Notes: Banbury Merton Street changed little over the years although
the platform was extended three times. The station was of timber
construction with an overall roof with glass panels (trainshed).
As it was the terminus of the line the station had a substantial
timber goods shed and an equally large engine shed capable of
storing 8 eight locomotives, more than were ever seen on the line.
There was also a carriage and van storage road and a substantial
goods yard with numerous sidings serving the large cattle dock
and pens - Banbury still has the largest cattle market in Europe.
There was also an exchange siding to the adjacent GWR Station
on the Oxford & Birmingham line.
Banbury was at its zennith for both passenger and goods traffic
at the start of WW1 handling new traffic from the Ministry of
Munitions who had built a large shell filling factory on the outskirts
of the town.
In 1938 the LMS proposed amalgamating the two stations at Banbury
rerouting the Buckingham line into the GWR station which would
have made Merton Street redundant. The outbreak of war ensured
that the plan was not implemented until the late 1950's when entirely
different plans were drawn up for rebuilding the GWR station only.
After WW2 passenger numbers dropped dramatically but freight
traffic was still good serving the towns cattle market and carrying
iron ore from numerous mines and quarries in the vicinity.
The station was given a facelift in 1956 prior to the introduction
of the short lived railcar service. The passenger service was
withdrawn on 2nd January 1961 while the freight service survived
until 6th June 1966.
For many years the station site was used as a truck park. The
site is currently being redeveloped for housing, when the concrete
surface was removed (Summer 2005) the track and sleepers were
still in situ. These have now been removed. At the time of writing
part of a goods platform is still extant.
BRIEF HISTORY OF THE BANBURY -
VERNEY JUNCTION BRANCH OF THE
Until 1844 Buckinghamshire had been poorly served by railways
with only Aylesbury connected to the London & Birmingham in
the east. With the support of the L & B two separate companies
were formed, the Buckingham and Brackley Junction Railway and
the Oxford and Bletchley Junction Railway. In 1847 under the direction
of the newly formed London & North Western Railway the two
were merged into a unified board with the collective name of the
The line was to run westward from Bletchley to Oxford, via Winslow
and Bicester, with a junction near Claydon House (later Verney
Junction) where another line turned north to Brackley via Buckingham,
with a further extension to Banbury. The engineer employed to
build the Buckinghamshire Railway was Robert Stephenson
Construction started on 20th April 1847 and on 1st May 1850 the
Buckinghamshire Railway was opened for passenger traffic from
Bletchley to Banbury. From the outset the line was worked by the
LNWR who absorbed the Buckinghamshire Railway in 1879.
The major objective of the branch was the small market town of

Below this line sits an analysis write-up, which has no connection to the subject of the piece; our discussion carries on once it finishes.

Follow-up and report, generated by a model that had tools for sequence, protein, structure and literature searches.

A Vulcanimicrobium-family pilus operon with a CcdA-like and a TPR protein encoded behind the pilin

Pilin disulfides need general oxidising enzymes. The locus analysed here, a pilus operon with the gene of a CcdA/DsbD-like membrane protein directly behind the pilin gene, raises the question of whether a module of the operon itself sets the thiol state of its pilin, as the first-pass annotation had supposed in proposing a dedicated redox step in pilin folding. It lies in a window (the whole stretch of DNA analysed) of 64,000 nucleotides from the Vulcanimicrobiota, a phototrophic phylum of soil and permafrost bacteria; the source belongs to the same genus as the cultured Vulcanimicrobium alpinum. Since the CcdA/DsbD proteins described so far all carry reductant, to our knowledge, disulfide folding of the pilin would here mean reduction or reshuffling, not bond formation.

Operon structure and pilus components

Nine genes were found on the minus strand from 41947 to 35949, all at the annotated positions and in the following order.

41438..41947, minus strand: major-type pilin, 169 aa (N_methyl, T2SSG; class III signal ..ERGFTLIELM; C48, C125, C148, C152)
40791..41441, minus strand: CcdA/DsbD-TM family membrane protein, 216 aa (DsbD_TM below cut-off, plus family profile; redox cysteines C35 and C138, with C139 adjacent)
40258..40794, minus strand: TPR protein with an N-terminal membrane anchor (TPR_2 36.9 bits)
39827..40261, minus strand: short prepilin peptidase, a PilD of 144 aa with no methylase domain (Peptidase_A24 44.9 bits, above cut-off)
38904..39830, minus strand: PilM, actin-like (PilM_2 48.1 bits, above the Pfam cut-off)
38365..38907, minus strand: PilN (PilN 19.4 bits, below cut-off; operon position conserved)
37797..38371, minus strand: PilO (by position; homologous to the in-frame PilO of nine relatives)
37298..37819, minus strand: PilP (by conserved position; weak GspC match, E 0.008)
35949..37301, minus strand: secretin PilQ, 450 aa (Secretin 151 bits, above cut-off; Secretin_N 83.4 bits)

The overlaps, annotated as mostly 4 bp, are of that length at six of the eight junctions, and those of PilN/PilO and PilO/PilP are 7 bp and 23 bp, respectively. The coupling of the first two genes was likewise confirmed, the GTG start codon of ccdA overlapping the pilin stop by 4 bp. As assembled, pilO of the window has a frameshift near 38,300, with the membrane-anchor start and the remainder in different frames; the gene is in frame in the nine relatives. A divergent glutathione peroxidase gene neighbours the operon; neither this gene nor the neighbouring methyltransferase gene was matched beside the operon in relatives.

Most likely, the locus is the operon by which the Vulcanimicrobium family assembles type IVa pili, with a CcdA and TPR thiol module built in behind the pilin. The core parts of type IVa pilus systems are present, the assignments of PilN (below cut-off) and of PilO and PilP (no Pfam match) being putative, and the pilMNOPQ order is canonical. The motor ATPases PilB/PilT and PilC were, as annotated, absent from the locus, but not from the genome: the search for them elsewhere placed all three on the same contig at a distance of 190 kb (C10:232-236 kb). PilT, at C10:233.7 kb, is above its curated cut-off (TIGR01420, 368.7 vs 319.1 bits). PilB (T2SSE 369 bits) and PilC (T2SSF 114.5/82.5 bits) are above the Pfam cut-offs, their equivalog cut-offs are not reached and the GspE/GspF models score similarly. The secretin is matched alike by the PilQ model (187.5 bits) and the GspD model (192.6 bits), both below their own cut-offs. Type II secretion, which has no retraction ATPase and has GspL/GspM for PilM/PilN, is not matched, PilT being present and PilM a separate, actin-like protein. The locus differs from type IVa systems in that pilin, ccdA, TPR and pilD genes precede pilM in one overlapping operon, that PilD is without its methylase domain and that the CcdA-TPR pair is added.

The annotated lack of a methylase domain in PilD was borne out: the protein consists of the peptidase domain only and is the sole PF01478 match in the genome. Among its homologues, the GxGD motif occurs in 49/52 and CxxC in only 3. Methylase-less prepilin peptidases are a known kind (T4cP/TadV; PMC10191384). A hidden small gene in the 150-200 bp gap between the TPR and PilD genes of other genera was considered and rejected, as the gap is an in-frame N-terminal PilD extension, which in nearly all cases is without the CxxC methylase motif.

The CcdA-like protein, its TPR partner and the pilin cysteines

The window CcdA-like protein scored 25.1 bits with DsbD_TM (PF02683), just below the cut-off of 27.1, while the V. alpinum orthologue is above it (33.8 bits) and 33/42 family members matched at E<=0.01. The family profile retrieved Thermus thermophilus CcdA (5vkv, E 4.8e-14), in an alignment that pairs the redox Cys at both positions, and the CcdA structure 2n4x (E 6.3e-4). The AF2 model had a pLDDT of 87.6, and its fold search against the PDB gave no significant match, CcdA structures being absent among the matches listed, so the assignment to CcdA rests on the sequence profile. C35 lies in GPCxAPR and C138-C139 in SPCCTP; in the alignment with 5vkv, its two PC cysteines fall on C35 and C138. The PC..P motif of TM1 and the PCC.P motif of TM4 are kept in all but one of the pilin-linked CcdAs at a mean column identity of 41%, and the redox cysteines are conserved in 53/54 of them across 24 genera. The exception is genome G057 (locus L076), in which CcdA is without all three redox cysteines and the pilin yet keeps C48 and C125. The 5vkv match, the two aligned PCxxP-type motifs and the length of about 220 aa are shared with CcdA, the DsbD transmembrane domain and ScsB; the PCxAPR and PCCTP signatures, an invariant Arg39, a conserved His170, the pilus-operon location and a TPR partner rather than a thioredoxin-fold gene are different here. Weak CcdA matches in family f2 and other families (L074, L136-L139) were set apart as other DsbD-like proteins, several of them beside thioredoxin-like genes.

Buckingham. Until the railway came to the town transport had not
been good which it was felt was stopping development of the town.
A branch of the Grand Union canal reached Buckingham in 1801 but
even after the opening of the canal and the railway little development
The busiest part of the line was the 5 1/2 mile section from
Banbury Merton Street to Cockley Brake where there was a junction
with the Stratford-upon-Avon and Midland Junction Railway.
Passenger traffic over the whole line was comparatively light
although the LNWR operated various specials and excursions over
the years to encourage use. Passenger levels reached their peak
just before WW1 after which they declined more or less continually
as competition from the bus and growing car ownership began to
increase. WW2 brought a short lived improvement but with new BR
management the line was under review. A threat to its future became
imminent in 1952 when BR reduced services to three trains each
way per day, having withdrawn Banbury - Towcester Trains (via
the junction at Cockley Brake) the previous year.
In spite of this, the line survived and was selected for an experiment
as part of the 1955 Railway Modernisation Plan using lightweight
single unit diesel railcars. These railcars were introduced during
the summer of 1956 but strangely they only ran from Banbury to
Buckingham, where connection was made with the traditional steam
push-pull service. New halts at Radclive and Water Stratford were
opened between Fulwall & Westbury and Buckingham and a third
on the edge of Buckingham was suggested but not built.
The new railcars attracted a reported increase in traffic of
400% with the service being well used on market days and Saturdays
but the improvement was insufficient to save the service between
Buckingham and Banbury which closed from 2nd January 1961. The
remaining passenger facilities between Buckingham and Verney Junction
lingered until 7th September 1964 using the diesel units transferred
from the Banbury section. Freight facilities were withdrawn from
Banbury on 6th June 1966 and from Buckingham from 3rd December
1966 with track lifting underway by February 1967.
For further reading see The Banbury to Verney Junction Branch
by Bill Simpson. Oxford Publishing Company 1978 ISBN 902888 87
To see the other
stations on the Banbury - Verney Junction line click on the station
& Westbury, Water
Stratford Halt, Radclive
Padbury & Verney